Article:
A reader having given me the tip-off, I spent an August Sunday driving completely across London from Hampshire and out into Essex, bound for Billericay, to see Mr. R. C. Shelley’s collection of historic aeroplane engines. I had forgotten the Marples 50s, which prevailed nearly all the way, even along the dual carriageways of the Southend Arterial, which reduced the journey-time without contributing anything to my personal safety. Fortunately the Lancia Flavia I was using is a delightful car to drive, even slowly, so I arrived in good heart.
The rather tedious run was certainly worth-while. Mr. Shelley has been an aviation fanatic all his life. He won a free flight in a Handley-Page 0/400 as early as 1919 and spent his youthful free afternoons, as I did, snooping around aerodromes. He then went to work at the Weatherall motorcycle firm in Billericay, and in that capacity discovered the fascination of Brooklands, riding as passenger in the Sidecar 200-Mile Races, and also in the first I.O.M. Sidecar T.T.
Mr. Shelley then went into the garage and repair business on his own, and as a hobby began to collect old aero engines and aviation literature. At one time he actually owned three old aeroplanes. These were a B.A.T. monoplane with A.B.C. Gnat flat-twin engine, bought at Northolt in 1924, a prototype Sopwith Pup with 50-h.p. Gnome engine, and an engineless Sopwith Camel, all acquired in the nineteen-twenties.
A move to smaller premises in Billericay made it necessary to dispose of these machines, but Mr. Shelley kept the propellers and added other engines and propellers to his now unique collection. It was at his 300-year-old house, once an inn, that I called to inspect them.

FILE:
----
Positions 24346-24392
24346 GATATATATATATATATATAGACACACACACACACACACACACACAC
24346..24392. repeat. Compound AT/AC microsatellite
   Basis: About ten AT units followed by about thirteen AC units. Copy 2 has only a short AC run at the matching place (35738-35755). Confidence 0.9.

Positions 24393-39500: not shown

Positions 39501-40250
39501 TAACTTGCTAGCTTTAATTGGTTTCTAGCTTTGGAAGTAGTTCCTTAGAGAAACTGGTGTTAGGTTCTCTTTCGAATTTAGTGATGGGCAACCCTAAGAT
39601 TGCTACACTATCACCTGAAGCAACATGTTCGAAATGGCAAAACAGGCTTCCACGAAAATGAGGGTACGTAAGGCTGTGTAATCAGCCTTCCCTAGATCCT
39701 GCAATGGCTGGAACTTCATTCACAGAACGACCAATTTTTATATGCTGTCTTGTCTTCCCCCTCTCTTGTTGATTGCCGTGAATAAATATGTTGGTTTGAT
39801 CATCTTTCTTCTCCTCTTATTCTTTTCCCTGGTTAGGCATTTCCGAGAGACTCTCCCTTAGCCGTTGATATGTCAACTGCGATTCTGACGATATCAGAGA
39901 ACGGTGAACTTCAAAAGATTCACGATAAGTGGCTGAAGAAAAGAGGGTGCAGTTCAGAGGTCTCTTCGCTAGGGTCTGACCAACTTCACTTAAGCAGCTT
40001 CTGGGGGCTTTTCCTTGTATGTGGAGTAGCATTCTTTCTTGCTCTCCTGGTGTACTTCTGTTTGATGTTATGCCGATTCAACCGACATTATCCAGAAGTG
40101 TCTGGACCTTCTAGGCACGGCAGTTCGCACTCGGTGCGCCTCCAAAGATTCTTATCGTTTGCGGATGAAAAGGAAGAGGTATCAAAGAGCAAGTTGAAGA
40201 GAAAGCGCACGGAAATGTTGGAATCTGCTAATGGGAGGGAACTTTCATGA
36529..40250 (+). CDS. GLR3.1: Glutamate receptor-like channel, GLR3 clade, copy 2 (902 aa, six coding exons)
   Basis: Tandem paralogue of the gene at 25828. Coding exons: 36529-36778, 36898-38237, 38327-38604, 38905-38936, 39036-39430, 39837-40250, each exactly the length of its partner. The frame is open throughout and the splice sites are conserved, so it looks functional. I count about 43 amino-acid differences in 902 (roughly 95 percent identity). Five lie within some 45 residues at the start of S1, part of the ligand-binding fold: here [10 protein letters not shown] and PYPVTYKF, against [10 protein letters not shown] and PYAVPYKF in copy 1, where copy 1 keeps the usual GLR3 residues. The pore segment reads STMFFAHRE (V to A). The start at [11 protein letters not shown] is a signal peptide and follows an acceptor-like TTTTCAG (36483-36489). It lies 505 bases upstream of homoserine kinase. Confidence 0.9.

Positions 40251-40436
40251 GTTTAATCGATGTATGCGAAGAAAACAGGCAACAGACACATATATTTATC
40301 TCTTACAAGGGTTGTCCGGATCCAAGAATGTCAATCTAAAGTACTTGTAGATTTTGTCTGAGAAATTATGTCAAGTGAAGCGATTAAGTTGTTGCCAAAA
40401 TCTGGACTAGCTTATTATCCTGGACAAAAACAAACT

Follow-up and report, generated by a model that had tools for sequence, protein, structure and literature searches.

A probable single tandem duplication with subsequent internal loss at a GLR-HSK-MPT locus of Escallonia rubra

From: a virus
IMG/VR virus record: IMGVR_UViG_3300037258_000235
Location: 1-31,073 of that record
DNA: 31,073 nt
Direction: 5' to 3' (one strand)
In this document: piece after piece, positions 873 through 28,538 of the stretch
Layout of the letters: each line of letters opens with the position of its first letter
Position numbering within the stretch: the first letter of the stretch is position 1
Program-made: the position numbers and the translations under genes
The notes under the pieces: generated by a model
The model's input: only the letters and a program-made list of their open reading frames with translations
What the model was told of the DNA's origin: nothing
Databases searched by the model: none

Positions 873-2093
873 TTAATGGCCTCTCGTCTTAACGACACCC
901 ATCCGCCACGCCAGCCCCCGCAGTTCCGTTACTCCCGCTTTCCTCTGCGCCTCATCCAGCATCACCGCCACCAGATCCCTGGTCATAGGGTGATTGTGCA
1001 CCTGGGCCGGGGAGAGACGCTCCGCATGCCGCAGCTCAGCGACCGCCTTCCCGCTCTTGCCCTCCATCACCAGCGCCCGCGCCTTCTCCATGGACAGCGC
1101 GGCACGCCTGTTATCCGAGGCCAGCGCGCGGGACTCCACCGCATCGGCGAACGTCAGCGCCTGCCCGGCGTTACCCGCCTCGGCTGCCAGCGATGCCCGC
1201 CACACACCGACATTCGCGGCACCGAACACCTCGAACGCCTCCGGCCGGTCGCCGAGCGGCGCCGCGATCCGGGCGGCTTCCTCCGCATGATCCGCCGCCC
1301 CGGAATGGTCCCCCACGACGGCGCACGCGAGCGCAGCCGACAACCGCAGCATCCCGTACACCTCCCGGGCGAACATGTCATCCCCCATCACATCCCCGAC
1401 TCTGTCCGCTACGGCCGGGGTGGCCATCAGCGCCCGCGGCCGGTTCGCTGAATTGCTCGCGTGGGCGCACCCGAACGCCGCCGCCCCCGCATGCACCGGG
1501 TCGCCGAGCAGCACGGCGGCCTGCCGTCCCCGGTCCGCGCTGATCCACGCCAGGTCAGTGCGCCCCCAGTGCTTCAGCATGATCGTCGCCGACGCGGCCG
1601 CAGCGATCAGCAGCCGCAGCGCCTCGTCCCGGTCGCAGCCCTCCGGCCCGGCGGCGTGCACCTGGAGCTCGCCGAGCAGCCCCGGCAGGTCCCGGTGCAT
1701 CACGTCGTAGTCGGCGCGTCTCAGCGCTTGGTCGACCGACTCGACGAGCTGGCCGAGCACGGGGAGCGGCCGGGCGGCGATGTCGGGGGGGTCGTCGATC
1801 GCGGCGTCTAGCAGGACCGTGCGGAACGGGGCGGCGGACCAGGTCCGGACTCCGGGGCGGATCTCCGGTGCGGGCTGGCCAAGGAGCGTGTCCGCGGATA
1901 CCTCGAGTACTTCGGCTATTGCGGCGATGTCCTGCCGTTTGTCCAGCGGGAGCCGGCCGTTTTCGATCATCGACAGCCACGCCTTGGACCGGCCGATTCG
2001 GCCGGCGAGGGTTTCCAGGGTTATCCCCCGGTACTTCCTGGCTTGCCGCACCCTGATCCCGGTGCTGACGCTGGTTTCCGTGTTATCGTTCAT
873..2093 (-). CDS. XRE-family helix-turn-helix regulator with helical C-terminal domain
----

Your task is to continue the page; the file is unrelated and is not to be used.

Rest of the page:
Today, old aeroplane engines are extremely hard to come by, so it was most impressive to discover that Mr. Shelley has a dozen in a shed behind his garage, and rather more than 30 old propellers. His house, too, is full of aviation books, cuttings-albums, pictures, photographs and models, including a splendid large-scale model of an Avro 504, the second aeroplane in which he flew as a passenger. His son, owner of a 2½-litre S.S.100, shares his father’s enthusiasm.
The first engine I noticed was a 150-h.p. V8 Hispano-Suiza, from an S.E.5, now fitted with the correct propeller and hub, by a series of fortunate and complicated coincidences. This one came from Farnborough.
Another fine exhibit is a 140-h.p. Clerget rotary engine from a Camel, found in Sydenham in 1936, and now being rebuilt. Particularly interesting is a 75-h.p. Rolls-Royce Hawk, unearthed somewhere in Surrey, that had powered the S.S. Zero airship. Two more early engines are a 60-h.p. Gnome and a 40-h.p. in-line Clerget thought to have been in a seaplane. Naturally there is a Napier Lion, in process of overhaul, which came out of a Blackburne Velos which made its last flight from Brooklands to Old Warden flown by the late R. O. Shuttleworth, himself an avid collector.
Amongst more modern engines is a 230-h.p. D.H. Gipsy Six R, thought to have come from the King’s Cup-winning Percival Mew Gull, and possibly before that to have been in the record-breaking D.H. Comet, and a 130-h.p. D.H. Gipsy Major, fully inhibited after a rebuild by Shorts of Rochester, and flown in a Tiger Moth. There is also a 350-h.p. Armstrong Siddeley Cheetah X from an Airspeed Oxford, mounted, like all the overhauled engines in the collection, on a tubular metal-wheeled trolley braced by interplane wires, and a dismantled Bristol Jupiter IV, found at Hornchurch aerodrome.